Since announcing my campaign in March, even in the midst of an especially difficult time for our community, the response to my candidacy has been outstanding. Across the city, folks want a leader with empathy and energy, a strong communicator focused on solutions. Nashvillians want stability not the status quo, someone who will step up and meet our challenges.
I am grateful to everyone who has helped make the start of my campaign to serve Nashville such a success. You’re attending events, making contributions, telling your friends. Keep spreading the word! We’re building something special together.
Nashville has been needing some good news, and we received it on Monday when a three-judge panel ruled unanimously in the city’s favor, agreeing that the “home rule” provision of our state constitution prohibits the legislature from targeting Metro Nashville and creating confusion in an already in-progress election. With an injunction in place, we are now almost certain to have races for a 40-member council, with 35 district and five at-large seats, per the Metro Charter, our city’s constitution. Nashvillians had their say on the size of the Council, just five years ago, in a referendum. Hopefully this positive turn-of-events will encourage more restraint by the state legislature’s Republican supermajority, which has lately targeted our city with overreaching bills, punching and grabbing at Nashville.
Standing up to bullies is the best strategy, and I have always been someone who will stand and speak for what is right. I do not suffer fools or abide hypocrisy, but I am a constructive person. I am a bridge builder, not a bridge burner, and I will bring this strength to my service as vice mayor
Also on Monday, the Metro Council voted unanimously to return House District 52 Representative Justin Jones to his seat in the legislature, from which he had been unjustly expelled this past Thursday. The “Tennessee Three” had taken to the floor of the state house to amplify the voices of youth and parent protestors galvanized by the recent shooting at the Covenant School in Green Hills, and now sadly again, at a Louisville bank.
Nashvillians are saying enough is enough. I have received a tidal wave of calls and emails from constituents to the left, right and center politically asking what they can do to help end gun violence. In district service, I have always listened closely to a wide variety of perspectives to better understand people’s thinking and help advance solutions, and I will bring this skill to my service as vice mayor.
Please join me and Voices for a Safer Tennessee at safertn.org in signing their nonpartisan petition for common-sense gun-safety policies and registering for their Linking Arms for Change event on April 18. Then contact your friends in surrounding counties and encourage them to do the same and contact their state representatives. Follow State Rep. Caleb Hemmer in support of his bipartisan legislative effort to require secured storage of guns in vehicles and boats–these thefts have been rising all across Nashville since the state implemented more permissive policies. “Guns everywhere for everyone” do not make our communities safer.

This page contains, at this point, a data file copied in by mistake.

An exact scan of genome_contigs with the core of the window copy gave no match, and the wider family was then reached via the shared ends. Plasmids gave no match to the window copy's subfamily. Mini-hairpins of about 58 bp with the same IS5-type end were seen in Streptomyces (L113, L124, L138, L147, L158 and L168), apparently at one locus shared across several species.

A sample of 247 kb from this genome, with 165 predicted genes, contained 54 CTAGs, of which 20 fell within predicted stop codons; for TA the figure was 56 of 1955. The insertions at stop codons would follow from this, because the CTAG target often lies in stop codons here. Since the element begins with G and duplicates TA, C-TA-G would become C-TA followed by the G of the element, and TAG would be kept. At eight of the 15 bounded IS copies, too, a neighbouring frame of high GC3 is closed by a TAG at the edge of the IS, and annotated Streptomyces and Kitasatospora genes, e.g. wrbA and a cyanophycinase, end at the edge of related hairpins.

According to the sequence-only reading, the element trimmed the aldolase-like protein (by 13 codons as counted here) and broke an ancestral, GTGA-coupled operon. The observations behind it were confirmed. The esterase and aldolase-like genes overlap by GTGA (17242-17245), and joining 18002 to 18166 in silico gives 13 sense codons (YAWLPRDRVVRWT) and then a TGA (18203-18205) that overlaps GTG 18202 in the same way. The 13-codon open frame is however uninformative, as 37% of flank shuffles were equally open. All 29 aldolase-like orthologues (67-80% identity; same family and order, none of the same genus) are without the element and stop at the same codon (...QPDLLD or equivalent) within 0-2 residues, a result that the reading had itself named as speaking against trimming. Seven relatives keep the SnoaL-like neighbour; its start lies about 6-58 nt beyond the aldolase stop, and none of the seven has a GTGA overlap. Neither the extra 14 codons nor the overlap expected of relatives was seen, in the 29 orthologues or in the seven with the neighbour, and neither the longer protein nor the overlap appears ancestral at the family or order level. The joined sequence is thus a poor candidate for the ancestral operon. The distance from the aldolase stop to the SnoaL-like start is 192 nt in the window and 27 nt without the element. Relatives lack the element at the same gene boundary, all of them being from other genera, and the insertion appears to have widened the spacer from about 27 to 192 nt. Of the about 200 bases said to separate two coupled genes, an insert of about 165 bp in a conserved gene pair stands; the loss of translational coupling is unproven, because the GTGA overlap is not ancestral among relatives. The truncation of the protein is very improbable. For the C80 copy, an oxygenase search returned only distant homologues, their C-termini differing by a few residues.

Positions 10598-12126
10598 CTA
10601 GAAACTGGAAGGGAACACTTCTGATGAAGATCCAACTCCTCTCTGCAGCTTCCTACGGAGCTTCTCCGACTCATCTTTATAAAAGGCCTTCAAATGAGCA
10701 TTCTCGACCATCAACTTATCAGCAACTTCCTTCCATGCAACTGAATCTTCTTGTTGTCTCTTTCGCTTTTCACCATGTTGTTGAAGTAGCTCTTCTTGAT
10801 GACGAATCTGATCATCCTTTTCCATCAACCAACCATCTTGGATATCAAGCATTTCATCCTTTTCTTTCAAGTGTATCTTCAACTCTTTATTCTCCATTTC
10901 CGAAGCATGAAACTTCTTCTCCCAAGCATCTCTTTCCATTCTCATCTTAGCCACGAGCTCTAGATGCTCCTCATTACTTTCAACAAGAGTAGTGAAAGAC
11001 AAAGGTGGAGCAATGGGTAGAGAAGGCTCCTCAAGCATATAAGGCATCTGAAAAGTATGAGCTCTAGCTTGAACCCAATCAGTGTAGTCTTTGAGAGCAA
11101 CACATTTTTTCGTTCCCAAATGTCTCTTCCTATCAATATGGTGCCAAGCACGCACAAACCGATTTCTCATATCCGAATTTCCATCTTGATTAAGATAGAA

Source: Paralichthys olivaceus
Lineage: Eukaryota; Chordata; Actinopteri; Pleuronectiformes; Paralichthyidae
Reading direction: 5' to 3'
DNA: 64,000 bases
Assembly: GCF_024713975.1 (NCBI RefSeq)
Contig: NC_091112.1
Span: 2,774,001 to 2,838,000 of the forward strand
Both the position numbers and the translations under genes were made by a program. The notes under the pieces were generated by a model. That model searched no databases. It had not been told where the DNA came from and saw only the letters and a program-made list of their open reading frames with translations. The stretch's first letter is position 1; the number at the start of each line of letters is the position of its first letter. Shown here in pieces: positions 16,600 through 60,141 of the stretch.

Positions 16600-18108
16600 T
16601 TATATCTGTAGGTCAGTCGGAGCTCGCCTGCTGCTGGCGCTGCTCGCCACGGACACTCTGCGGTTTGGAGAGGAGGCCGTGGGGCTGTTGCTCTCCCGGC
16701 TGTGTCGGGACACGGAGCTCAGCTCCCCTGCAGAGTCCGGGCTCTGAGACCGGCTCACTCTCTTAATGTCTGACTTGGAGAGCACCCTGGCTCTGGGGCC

I commend Governor Lee for taking an important step on Tuesday with his Executive Order on background checks and encouraging the legislature to implement judicial orders of protection, so that people who are a danger to themselves and the community, like the Covenant shooter, no longer have such easy access to guns. But we have more work to do. I have been speaking up about these issues for years, and will continue to do so as vice mayor. Speaking the truth is not partisan.
The Metro Council is back in session next Tuesday and voting on the Titans stadium. At our last meeting, I called for a one-meeting deferral and a public hearing because your voice matters, and financial terms were not yet finalized when the East Bank Stadium Committee held community listening sessions in the fall. My motion for a public hearing failed by one vote, but I remain dedicated to ensuring that the full implications of this deal are understood and all voices are heard.
I am prepared to take on our city’s biggest challenges and represent the Metro Council and Nashville as vice mayor, but I need your support to serve. Will you consider making a contribution to help our grassroots efforts?
On Monday, our campaign reported a strong first month of fundraising, raising a third more dollars overall with three times the total number of donors as my opponent–and we’re just getting started! The many mayoral candidates are reporting hundreds of thousands, millions even, raised. And while Nashville has a “mayor-dominant” system, the checks and balances of good government mean it matters who your vice mayor is, so please invest in this race!
I am determined to win with a diverse team of voters and donors. Thank you for your consideration and continued support!